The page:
With the proliferation of freelancers who call themselves website designers to the thousands of off-shore companies who work for a few dollars an hour, you can, indeed, have a very inexpensive website built for your business. Unfortunately, you will get exactly what you pay for: poor design, sloppy programming, confusing navigation, and so on. Not to mention the miserable customer experience you will have. If you think calling the toll free number for Dell customer support is bad, then sit down, because you have a whole new type of misery in store for you when you work with freelancers and cheap web development firms.

It is widely agreed that a website is a reflection of your business. If you want to appear shoddy and cheap then perhaps this is the route for you. If, however, you are serious about your business you will need an intelligently designed website. This means you hire a web design firm that has years of experience in design, website strategy, and technology.

Look for a web design firm that has that perfect blend of the three divergent capabilities it takes to produce compelling design. A great web development firm fuses art and science, solid logic and inspiration, primitive intuition and cutting-edge know-how to build fabulous websites.

Will it be expensive? That depends on the features and functions of your website. For any web design firm that is worth their weight, you can expect to pay a minimum of $3k for a basic ecommerce business website. Prices range from there on up. The bottom line is, when you want results that are both refreshingly enticing to your site visitors and exactly what you envisioned for your company’s website only a proven professional design firm can get you there.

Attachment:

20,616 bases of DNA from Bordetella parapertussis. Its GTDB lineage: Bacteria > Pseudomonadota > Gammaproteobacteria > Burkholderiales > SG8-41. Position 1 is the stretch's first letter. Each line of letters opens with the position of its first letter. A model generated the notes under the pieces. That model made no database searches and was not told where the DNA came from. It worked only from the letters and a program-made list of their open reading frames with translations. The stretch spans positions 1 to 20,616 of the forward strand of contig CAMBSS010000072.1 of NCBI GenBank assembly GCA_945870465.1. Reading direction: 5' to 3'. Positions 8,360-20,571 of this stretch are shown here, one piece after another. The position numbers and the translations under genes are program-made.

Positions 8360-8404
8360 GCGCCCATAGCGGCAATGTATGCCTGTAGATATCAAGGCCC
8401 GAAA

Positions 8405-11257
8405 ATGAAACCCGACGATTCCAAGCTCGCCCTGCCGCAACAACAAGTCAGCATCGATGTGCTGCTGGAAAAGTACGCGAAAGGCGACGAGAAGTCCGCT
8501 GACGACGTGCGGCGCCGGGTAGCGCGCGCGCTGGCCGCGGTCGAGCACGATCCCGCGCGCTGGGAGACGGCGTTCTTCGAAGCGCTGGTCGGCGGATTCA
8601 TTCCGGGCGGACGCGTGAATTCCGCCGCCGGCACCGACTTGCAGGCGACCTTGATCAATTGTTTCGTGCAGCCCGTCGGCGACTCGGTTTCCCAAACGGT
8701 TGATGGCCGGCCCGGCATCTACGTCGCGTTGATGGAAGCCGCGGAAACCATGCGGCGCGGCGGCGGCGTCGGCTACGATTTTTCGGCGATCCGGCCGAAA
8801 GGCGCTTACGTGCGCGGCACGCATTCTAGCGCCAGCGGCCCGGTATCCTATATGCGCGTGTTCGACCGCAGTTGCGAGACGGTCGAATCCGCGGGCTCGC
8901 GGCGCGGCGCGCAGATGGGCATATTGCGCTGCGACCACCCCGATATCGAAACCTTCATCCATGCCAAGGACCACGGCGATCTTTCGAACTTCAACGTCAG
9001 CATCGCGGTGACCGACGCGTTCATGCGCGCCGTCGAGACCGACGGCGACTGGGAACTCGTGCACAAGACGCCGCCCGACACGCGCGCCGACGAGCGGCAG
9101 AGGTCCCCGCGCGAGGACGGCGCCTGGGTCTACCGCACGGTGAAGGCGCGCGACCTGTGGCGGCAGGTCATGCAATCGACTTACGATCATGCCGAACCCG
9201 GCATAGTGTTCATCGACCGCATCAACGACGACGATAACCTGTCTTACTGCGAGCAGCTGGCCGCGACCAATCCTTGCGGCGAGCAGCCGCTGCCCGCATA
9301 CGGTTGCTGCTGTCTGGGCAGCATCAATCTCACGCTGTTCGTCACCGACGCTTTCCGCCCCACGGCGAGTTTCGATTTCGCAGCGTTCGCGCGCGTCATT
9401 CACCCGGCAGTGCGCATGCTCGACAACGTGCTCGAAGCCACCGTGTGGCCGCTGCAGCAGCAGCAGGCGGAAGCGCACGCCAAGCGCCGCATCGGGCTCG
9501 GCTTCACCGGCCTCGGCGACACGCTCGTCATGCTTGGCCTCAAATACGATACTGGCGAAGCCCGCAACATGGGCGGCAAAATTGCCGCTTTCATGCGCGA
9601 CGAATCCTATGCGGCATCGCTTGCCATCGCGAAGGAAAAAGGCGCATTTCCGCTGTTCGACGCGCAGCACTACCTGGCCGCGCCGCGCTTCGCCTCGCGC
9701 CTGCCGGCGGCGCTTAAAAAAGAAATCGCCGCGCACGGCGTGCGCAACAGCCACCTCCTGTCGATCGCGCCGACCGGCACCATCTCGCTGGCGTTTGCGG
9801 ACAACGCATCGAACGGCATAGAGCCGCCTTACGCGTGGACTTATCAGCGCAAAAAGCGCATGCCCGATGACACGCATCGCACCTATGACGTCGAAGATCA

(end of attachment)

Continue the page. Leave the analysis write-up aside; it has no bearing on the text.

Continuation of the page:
Top 5 Common E-Commerce Mistakes

Ready to embark upon the world of e-commerce? Wait – not so fast! Make sure you avoid these pitfalls.

1. Not investing in quality design
Many new-comers to e-commerce attempt to keep their cost down by using a template shopping cart website or hiring the cheapest designers around to build their website. This may help you budget-wise but it will never help you build your business. Customers will view your website and business as unprofessional and will figure that you are not a place worthy of their spending. There couldn’t be a worse first impression if you tired! So, be smart! Invest in a web firm that can create professional looking graphics that help bolster your business and your sales.

2. Lack of Follow-Up and Auto-Responders
Whether you’re selling t-shirts or cell phones, customers want to know where to begin. When you send your product be sure to include a “Read this First” or “Getting Started” document to help them through your product step by step. In addition to this you should have an auto-responder sequence that is generated from your website that follows up with them and reiterates this information.
Whether it’s Wash and Wear or Plug in and Play…help your customers understand your product as best as possible.
After the product has shipped, get in touch with your client. Let them know you care.

3. Weak Product Line
At best, there are a couple of dozen success stories as a result of selling a single product. If you are relying on selling to new customers then your chances of long-term success are minimal. It is well known that overcoming the sales hurdle is much easier when you are dealing with an existing customer. Without additional related products you cannot upsell. Moreover, you reduce the possibility of starting a relationship with your customer if they have no reason to return to your website.

4. Living In a Virtual World
Don’t underestimate the value of human contact. As much as we love all the conveniences of technology, your customers will appreciate the ability to talk to a real person – especially when they have a problem or a question. Use e-mails, forms, and support tickets as an option but always offer a live representative for your customers. This will go a long way with building the rapport and trust that leads to long-term business relationships.

5. Inconsistent Branding
The value of brand recognition is huge! You need people to recognize your products. Give a consistent look and feel to everything you do online and off. Your website should look like it is related to your products and your customers. Think of it as keeping it all in the family.
Whatever you sell online, your offline materials and the look and feel of your website should be related. Just like with twins, people will know that they are related. It’s easier to sell a product to someone who is comfortable with you and branding is a critical aspect of increasing consumer’s comfort level.

How Much Does a Website Cost?